The Terrence Malick Mixtape: Examining The Use Of Music In The Director's Films

From time to time it’s good to remind the world (and ourselves) that we are The Playlist, and in addition to being movie lovers, we are also obsessed with music, specifically movie music. It also helps when a director gives us good reason to take a long look at their musical choices — i.e. by making a movie about music. Thankfully, impressionistic mastermind Terrence Malick has finally done so with his ephemeral, soul-searching new movie, “Song To Song.” It’s a film, like much of his work has been, about the search for divinity amid the tumult of life – only this time, the search goes… song to song.

The director’s latest isn’t our favorite (check out our C-grade review), but it’s nevertheless hard not to be dazzled by his visual bravado and the raw emotion that he can elicit from a waltzing camera (courtesy of his longtime partner Emmanuel Lubezki). Much of which comes from the outlandish beauty that Malick seems to see in the ordinary mundaneness of existence (which, it must be said, is skewed some by the outlandishly beautiful people he casts). When Malick is at his best, his contemplative cinematography resonates as though we are all, in his patient hands, bearing witness to the divinity of everyday life. But just as key to his success, and so often overlooked, is the evocative music — and the provocative silence — that so perfectly harmonize with his whirling visual aesthetic.

So to celebrate “Song To Song” we have set out here to explore the music that’s most crucial to Malick’s films, the songs that most moved us, the motifs most vital, and, generally, the best Malick Mixtape we can put together.

READ MORE: The 15 Best Shots In Terrence Malick’s Movies


Certainly the key piece of music in Malick’s bleak and beautiful (and comparatively restrained) debut film is German composer Carl Orff’s “Gassenhauser.” A short, nearly sweet piece of music, “Gassenhauser” has been used time and again in scores since being used as the foundational theme in “Badlands,” and which was initially earmarked for use in Irvin Kershner’s version of “Dirty Harry that Malick worked on and that was never made (Don Siegel ended up making the “Dirty Harry” we know today). For all its familiarity though, the composition is synonymous with Malick’s film, in part for the stark tonal juxtaposition it evokes, and the work it does to help worm us into the disaffected minds of our misguided and potentially-psychotic lovers-on-the-lamb. Similarly, for all the visual splendor captured in the natural landscapes, the brutality committed by Martin Sheen’s Kit is depicted with a cool distance, perfectly represented in the joyous adventurousness of Orff’s piece. The eloquent contrast is so distinct and so quintessential that the song was essentially ripped off (read: paid homage to) 20 years later for another lovers-on-the-lamb picture, “True Romance,” by future Malick collaborator Hans Zimmer.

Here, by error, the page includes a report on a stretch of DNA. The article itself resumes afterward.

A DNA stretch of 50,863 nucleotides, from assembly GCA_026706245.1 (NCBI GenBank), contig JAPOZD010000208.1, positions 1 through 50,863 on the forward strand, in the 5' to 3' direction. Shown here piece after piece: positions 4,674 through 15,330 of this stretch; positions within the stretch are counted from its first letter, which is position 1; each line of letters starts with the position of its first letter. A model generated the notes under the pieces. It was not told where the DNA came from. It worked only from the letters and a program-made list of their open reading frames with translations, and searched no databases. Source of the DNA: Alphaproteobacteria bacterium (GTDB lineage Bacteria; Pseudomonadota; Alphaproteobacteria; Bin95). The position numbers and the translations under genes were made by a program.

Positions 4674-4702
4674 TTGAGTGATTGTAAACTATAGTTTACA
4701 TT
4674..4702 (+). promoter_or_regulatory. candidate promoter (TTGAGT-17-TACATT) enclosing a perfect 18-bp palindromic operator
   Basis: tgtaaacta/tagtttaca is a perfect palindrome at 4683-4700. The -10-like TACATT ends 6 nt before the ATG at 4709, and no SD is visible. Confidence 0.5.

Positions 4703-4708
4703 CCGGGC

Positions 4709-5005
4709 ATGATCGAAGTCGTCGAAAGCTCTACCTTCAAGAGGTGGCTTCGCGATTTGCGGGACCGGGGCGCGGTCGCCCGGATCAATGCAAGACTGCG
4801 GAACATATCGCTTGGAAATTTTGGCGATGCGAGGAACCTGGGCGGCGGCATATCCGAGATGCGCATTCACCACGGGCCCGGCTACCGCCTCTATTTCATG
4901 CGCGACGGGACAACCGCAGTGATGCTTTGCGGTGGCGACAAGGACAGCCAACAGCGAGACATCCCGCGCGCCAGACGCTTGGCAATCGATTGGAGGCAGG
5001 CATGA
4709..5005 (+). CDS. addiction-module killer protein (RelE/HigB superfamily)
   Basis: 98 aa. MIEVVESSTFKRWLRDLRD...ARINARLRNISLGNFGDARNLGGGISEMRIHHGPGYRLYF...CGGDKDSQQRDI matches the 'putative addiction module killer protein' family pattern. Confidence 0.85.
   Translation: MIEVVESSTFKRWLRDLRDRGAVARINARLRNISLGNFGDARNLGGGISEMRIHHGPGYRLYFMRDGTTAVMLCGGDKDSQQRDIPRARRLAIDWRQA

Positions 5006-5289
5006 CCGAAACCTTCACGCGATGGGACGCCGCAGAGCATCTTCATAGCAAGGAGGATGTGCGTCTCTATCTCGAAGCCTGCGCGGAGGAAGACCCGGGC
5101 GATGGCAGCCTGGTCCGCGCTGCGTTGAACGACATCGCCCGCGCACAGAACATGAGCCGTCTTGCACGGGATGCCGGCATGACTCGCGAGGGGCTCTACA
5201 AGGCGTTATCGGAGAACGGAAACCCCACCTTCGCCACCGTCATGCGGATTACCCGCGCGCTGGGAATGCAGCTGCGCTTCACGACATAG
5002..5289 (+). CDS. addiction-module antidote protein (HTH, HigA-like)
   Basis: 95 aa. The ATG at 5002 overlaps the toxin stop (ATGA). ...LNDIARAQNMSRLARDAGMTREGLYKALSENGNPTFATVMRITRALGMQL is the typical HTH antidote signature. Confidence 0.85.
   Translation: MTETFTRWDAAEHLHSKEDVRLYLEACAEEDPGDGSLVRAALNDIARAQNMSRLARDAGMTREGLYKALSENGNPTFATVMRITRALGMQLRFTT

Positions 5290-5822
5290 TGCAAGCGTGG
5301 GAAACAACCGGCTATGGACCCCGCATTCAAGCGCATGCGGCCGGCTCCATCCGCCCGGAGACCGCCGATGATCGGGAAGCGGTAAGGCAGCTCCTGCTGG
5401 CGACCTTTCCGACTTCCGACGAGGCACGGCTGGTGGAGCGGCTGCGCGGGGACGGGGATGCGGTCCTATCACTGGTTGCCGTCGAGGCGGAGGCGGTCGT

“Days Of Heaven”

Malick’s second feature was really the first to give a glimpse into the true form of the divisive filmmaker. “Badlands” kicked off his knack for troublesome productions and endless tinkering, but “Days Of Heaven” was really the first to highlight just how extreme Malick could be (the key examples being that Richard Gere’s sourness toward the director continued for at least two decades and that editing took over three years). Some of which translated over to the score of Italian composer Ennio Morricone. Malick cut the first version of the film to Morricone’s score for Bernardo Bertolucci’s “1900,” which he then sent to Morricone. Malick then visited the composer in Italy and attempted to exert his usual level of overbearing control. “He didn’t know me very well, so he made suggestions, and in some cases, gave musical solutions. This kind of annoyed me because he’d say: ‘This thing . . . try it with three flutes.’ Something impossible! So, to humor him, I would do it with three flutes and then he’d decide to use my version after all,” Morricone said in the doc, “Rosy-Fingered Dawn.” Furthermore, Malick rearranged Morricone’s score so that only one scene ended up featuring the piece of music Morricone had composed for it. The result though is an incredibly resonant and pastoral piece of work, as beautiful as it is haunting, which earned Morricone his first Oscar nomination.